Meatball Machine Kodoku starts off well enough, but once the bloodbath starts, the film loses its drive and energy and peters out.
Rhino (Stéphane Ferrara) has stolen 250kg of gold with his gang and they have scoped out the perfect hiding place: a mostly abandoned village where artiste Luce (Elina Löwensohn) has set up camp. But as things are wont to do, they don’t go according to plan. So what should have been a done deal turns into a tense battle.
Laissez bronzer les cadavres is a beautiful, stunning, gorgeous film that bored me half to death. I really didn’t know what to do with it.
April (Amanda Fuller) and Eric (Ethan Embry) run a second hand clothing store together and are also a couple. Things have become tense between the two of them and April suspects that Eric has an affair. That’s when Randall (Eric Balfour) shows up. He’s rich, he is as interested in fashion as April is, and he feels dangerous – but to April, he is an irresistible draw as things with Eric go from bad to worse.
Fashionista was one of the strongest films of the /slash Filmfestival. A tense film with a great cast that had me on the edge of my seat with goosebumps all over pretty much the entire time.
Andrew (Parry Shen) is the only survivor of Victor Crowley’s (Kane Hodder) killing sprees. Crowley has been gone for years and Andrew has turned his ordeal into an income source as well as he can. So when he gets offered money to return to the island, he agrees to do it, despite the anxiety this proposal provokes. But he feels safe in the knowledge that Crowley isn’t there anymore. Only that Crowley has actually been resurrected by accident, and the killing starts all over again.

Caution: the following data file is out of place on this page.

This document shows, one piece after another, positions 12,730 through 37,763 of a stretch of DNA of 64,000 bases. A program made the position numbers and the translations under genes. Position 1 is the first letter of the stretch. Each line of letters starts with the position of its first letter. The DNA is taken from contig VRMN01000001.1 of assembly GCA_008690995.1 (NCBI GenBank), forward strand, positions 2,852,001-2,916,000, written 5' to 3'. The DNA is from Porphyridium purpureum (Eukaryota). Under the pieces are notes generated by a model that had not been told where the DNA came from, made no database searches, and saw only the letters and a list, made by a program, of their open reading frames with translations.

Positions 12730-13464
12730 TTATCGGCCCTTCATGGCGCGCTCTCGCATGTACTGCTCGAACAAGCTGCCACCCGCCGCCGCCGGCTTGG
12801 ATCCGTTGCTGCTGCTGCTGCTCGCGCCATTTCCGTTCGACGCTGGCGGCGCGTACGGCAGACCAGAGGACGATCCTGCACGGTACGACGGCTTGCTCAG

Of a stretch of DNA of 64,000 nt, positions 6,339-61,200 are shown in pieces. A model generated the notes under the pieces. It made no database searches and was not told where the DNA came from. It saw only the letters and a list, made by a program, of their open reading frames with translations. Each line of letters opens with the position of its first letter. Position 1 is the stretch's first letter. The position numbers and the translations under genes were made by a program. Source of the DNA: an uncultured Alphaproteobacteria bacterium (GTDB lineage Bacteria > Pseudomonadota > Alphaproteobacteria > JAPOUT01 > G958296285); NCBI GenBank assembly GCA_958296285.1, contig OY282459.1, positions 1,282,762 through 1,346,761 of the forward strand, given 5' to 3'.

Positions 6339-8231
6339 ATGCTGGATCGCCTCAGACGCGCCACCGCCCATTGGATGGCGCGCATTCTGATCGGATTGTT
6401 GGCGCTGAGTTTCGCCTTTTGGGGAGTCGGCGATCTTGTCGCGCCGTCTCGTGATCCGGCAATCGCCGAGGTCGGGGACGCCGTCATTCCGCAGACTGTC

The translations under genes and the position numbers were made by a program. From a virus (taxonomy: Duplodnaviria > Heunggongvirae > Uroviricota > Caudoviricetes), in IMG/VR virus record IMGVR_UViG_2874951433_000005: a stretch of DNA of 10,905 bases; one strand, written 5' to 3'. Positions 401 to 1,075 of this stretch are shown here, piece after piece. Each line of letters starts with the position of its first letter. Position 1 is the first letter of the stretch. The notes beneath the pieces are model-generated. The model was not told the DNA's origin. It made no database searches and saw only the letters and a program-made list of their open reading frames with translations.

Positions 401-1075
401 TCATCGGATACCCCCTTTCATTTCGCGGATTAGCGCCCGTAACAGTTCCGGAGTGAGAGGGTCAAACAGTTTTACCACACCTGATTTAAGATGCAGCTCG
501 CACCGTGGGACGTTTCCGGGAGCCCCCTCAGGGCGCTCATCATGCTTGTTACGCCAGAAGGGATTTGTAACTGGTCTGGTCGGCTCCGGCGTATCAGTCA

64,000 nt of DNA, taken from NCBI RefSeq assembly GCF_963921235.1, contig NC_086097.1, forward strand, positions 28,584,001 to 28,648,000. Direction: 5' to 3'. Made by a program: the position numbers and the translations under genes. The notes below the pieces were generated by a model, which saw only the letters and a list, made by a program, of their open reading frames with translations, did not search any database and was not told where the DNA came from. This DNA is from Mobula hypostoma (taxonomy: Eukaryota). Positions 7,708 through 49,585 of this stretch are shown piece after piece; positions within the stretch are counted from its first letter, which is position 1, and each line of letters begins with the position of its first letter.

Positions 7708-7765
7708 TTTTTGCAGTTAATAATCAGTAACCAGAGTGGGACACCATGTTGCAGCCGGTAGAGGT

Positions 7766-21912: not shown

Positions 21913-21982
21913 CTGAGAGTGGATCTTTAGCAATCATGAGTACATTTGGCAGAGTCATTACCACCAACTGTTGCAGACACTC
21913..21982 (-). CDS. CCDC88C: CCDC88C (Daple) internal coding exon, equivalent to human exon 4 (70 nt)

Victor Crowley doesn’t bring anything new to the series, but it’s no better or worse than the previous films.
Shu-Wei (Yu-Kai Teng) is the outsider of his class, a bullied underdog. One day he gets accused of stealing the class money and gets detention, next to the worst offenders of his class who bully him the most. But this provides Shu-Wei with the opportunity to garner some favor with them. As he joins them in increasingly big offences, they stumble upon a flesh-eating creature that they manage to capture. But what are they supposed to do now?
I really had my problems with Mon Mon Mon Monsters, both regarding the story it tells and the (too long) way it tells it.
Chip (Matthew Gray Gubler) has been dating Liza (AnnaLynne McCord) for a while, despite her being more than he can handle, really. One night, Liza brings the unsuspecting Chip to a robbery. She had a good plan but things start to get wrong and soon Chip finds himself trapped in the worst night of his life as he tries to find a way to survive the night and not get anybody else killed either.
I really wanted to like 68 Kill and it starts off well enough, but the longer it went on the more I started to hate it and its absolutely toxic take on both women and masculinity.